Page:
Extra Pulp: Home Team
Laura Anders Lee salutes fathers—and mothers—who are pitching in to create a true home team.
Like most families this spring, we’ve been home a lot, which means we’ve watched a lot of movies. One of our favorites is Disney’s original Mary Poppins. While my two boys are transfixed by the magic and tricks of Mary Poppins, I can’t help but notice George Banks and his utter lack of interest in his family. Other than bringing home a paycheck, he has no responsibility at home or with his children. When he walks in the door at 6:01, he expects his slippers, pipe and a glass of sherry. He completely ignores his wife and her important work as a suffragette. And only after someone else feeds and bathes Jane and Michael does he “pat them on the head and send them off to bed.”
Thank goodness I am not married to George Banks.
The role of fathers has evolved tremendously over the past century, no doubt because of the changing role of mothers. In 1900, only 6 percent of married women worked. Today, according to the Department of Labor, not only do 70 percent of mothers with children under 18 work, in 40 percent of U.S. households, they are the primary or sole earners.
To see how gender roles have evolved over the decades, just take a look around any of Orlando’s theme parks or playgrounds. Dads are carrying diaper bags, giving the baby a bottle, and changing diapers in unisex restrooms or on diaper stations installed in the men’s room. On little league soccer fields, just as many moms are coaching as dads. Women mow the grass and clean the gutters and men iron the clothes, go to the grocery store and cook family dinners—and single parents do it all. Parents today simply do what needs to be done.
Parenting is a tricky juggling act, and no one can drop the ball. We were especially put to the test this spring with mandated stay-at-home orders. With no school and limited child care options, parents had to maneuver working, homeschooling and safely being the gofer for groceries and other household needs. Fathers or grandparents pushed strollers or rode bikes around the neighborhood while mothers had a quiet house for a deadline or a virtual meeting—and vice versa.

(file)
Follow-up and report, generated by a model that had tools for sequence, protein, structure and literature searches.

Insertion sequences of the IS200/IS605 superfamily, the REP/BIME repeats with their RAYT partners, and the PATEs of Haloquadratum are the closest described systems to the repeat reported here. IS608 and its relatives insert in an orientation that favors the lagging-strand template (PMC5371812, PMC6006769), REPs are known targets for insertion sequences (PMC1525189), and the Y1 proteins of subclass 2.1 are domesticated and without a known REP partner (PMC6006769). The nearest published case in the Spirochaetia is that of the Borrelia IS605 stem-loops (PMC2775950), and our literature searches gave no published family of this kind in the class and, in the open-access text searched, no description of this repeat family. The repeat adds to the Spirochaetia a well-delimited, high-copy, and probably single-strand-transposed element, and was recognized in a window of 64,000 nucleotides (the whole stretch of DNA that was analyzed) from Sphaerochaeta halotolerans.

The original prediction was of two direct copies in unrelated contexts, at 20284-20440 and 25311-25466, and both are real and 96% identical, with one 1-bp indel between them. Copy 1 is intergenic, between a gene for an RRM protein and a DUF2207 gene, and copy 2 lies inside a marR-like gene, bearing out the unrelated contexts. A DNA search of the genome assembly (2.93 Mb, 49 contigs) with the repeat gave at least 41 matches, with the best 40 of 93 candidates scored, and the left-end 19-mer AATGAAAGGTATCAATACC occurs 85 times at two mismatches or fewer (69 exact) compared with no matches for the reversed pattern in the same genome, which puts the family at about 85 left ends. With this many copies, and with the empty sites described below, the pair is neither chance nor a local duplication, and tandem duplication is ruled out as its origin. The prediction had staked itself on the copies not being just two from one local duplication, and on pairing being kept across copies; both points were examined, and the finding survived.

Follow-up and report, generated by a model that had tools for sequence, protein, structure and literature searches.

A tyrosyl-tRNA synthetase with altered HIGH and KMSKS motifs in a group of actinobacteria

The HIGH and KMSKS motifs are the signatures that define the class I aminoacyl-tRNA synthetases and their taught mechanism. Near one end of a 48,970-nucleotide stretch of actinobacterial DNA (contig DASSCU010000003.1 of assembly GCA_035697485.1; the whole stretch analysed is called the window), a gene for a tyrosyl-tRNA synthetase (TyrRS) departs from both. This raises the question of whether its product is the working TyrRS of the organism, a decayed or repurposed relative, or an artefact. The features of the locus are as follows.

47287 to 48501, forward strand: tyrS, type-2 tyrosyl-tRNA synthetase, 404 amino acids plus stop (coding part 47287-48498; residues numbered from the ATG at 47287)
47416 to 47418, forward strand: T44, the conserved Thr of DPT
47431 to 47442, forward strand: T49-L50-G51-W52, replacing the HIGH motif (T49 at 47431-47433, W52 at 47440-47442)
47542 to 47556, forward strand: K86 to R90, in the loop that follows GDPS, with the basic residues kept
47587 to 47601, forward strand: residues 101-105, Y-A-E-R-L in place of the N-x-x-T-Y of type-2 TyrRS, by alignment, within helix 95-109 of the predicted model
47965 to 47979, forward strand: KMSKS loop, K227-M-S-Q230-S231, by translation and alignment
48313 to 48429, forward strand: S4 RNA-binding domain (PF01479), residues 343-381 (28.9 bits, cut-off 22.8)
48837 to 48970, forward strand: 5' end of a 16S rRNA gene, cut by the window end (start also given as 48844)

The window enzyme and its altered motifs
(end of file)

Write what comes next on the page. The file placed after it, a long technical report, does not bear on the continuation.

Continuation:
My oldest son, Anders, just turned 10, and William will be eight in September. I can’t imagine raising children in any other era. It’s hard to believe fathers were not allowed in the delivery room until the 1970s. My labor with Anders was a difficult 20 hours, an emotional and physical roller coaster, and Bryan never left my side. Once at home, Bryan helped with late-night feedings, changed diapers and cleaned up messes and boo-boos. Two years later, we went through it all again. By sharing those intimate moments and hard work, we grew closer together as a couple and a family. Our bonds were sealed.
Throughout our marriage, our careers have changed many times—I’ve worked full-time, part-time and at times not at all. Bryan’s career is rather demanding, so for the most part, I’ve been the one to take the boys to school, help them with homework, bring them to doctor’s appointments or toss the football in the backyard. So when he can, Bryan cooks us breakfast, coaches the boys’ soccer and football teams, plays “Madden” with Anders and takes William along to the golf course. And when I really need a break from the kids, he gladly stays home while I enjoy a girls night out or an out-of-town girlfriend getaway—a luxury my grandmothers certainly didn’t have.
Like most parents, we strive to find a balance that works best for us, though we’re always fine-tuning with every new activity, job change or unexpected challenge. I’m glad Anders and William see their dad unloading the dishwasher and folding clothes, just as I’m glad they see me working on my laptop and depositing checks into my own business account. I’m grateful for the women—and men—who paved the way for better equality in the workplace and at home.
At the end of Mary Poppins, we realize that it was George Banks who actually needed saving, not Jane and Michael. In the last scene, a disheveled George has lost his job, but he realizes that’s not what matters most. With Mary Poppins’ help, he finally figures out that spending more time with his family not only enriches his children’s lives, but his own. He stays up all night mending his children’s kite, and in the morning he skips off with his family to the park. There, standing together, nobody—especially George—has ever been happier.